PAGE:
Coastal Conservation Association Maryland, which seems to represent the most rational and responsible anglers in the state, made a really solid effort to prevent such foolishness from going forward but, in the end, the chance of plucking more dollars from the heads of dead bass proved far too attractive for the state to change course.

So this year, the Maryland folks are killing more bass, even though a peer-reviewed stock assessment, that was presented to the Atlantic States Marine Fisheries Commission last October, and updated  in December, noted that

“If the current fully-recruited [fishing mortality rate] (0.200) is maintained during 2013-2017, the probability of being below the [spawning stock biomass] reference point increases to 0.86 by 2015…If the current fully-recruited [fishing mortality rate] increases to Fthreshold(0.219), and is maintained during 2013-2017, the probability of being below the [spawning stock biomass] reference point reaches 0.93 by 2015 and declines thereafter…

“…there is a probability of 0.46 that the 2012 female [spawning stock biomass] is below or equal to the [spawning stock biomass] threshold, and a probability of 0.31 that the 2012 fully-recruited fishing mortality is above or equal to the fishing mortality threshold…”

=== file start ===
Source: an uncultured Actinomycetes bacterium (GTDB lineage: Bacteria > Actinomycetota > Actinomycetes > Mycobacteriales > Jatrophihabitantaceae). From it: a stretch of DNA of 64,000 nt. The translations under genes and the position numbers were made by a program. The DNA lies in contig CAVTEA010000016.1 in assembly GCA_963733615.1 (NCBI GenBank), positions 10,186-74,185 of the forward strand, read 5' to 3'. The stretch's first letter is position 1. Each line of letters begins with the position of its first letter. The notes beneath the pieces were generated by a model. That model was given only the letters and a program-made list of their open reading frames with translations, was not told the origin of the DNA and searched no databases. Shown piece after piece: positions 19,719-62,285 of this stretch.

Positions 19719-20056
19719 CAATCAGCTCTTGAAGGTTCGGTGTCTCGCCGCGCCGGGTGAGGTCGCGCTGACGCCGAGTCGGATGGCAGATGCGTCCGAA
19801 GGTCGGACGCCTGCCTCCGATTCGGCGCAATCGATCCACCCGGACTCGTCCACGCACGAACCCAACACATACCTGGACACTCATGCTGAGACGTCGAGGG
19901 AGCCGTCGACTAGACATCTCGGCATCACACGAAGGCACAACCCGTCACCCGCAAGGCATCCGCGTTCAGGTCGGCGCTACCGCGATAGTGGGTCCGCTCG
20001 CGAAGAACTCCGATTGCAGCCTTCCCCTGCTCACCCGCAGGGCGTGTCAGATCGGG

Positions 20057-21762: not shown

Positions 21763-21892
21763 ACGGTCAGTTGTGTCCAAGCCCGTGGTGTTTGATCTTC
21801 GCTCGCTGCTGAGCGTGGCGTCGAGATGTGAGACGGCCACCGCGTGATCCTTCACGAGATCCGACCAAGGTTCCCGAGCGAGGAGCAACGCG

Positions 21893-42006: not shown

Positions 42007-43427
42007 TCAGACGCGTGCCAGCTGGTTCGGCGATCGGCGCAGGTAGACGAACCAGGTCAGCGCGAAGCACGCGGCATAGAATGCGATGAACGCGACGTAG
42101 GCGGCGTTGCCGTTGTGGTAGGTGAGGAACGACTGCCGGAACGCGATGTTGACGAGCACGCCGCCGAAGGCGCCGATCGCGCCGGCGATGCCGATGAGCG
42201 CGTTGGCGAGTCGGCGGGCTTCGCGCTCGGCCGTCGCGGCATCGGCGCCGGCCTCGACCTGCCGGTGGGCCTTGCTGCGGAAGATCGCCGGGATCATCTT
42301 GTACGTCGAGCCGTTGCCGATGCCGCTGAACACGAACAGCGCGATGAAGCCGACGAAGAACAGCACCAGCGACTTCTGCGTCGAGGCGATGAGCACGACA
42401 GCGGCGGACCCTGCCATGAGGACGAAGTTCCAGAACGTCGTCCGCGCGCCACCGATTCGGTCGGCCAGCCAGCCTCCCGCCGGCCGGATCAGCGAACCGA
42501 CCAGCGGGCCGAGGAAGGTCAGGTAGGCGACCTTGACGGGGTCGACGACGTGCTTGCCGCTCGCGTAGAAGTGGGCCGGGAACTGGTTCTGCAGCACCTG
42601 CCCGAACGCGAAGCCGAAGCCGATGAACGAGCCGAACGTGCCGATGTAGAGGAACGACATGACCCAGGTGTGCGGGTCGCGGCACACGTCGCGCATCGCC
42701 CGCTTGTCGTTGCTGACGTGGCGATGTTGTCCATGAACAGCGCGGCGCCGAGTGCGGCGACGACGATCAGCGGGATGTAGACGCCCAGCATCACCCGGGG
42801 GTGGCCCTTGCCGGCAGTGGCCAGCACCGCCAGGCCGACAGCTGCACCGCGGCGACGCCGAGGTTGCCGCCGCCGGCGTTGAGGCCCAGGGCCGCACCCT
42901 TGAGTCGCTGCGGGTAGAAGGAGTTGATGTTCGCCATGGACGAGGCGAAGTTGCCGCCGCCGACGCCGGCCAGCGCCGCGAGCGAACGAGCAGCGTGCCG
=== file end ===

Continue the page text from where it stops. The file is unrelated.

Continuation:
The stock assessment also made it clear that, although the stock was not yet overfished and that overfishing did not occur in the past couple of years, the target fishing mortality levels had been exceeded, and the spawning stock biomass had been below target levels since 2006.

Amendment 6 to ASMFC’s striped bass management plansays that

“If the Management Board determines that the fishing mortality target is exceeded in two consecutive years and the female spawning stock biomass falls below the target in either of those years, the Management Board must adjust the striped bass management program to reduce the fishing mortality to a rate that is at or below the target within one year.“

That seems pretty clear, but not if you’re Thomas O’Connell, the marine fisheries director for the State of Maryland.  He took a look at Amendment 6, and its mandate to reduce fishing mortality, but wasn’t too impressed.

Instead of making meaningful changes to the management program in order to reduce fishing mortality to the target level, O’Connell decided that he’d rather make changes to Amendment 6, and allow harvest reductions to be phased in over three full years, instead the one year currently required.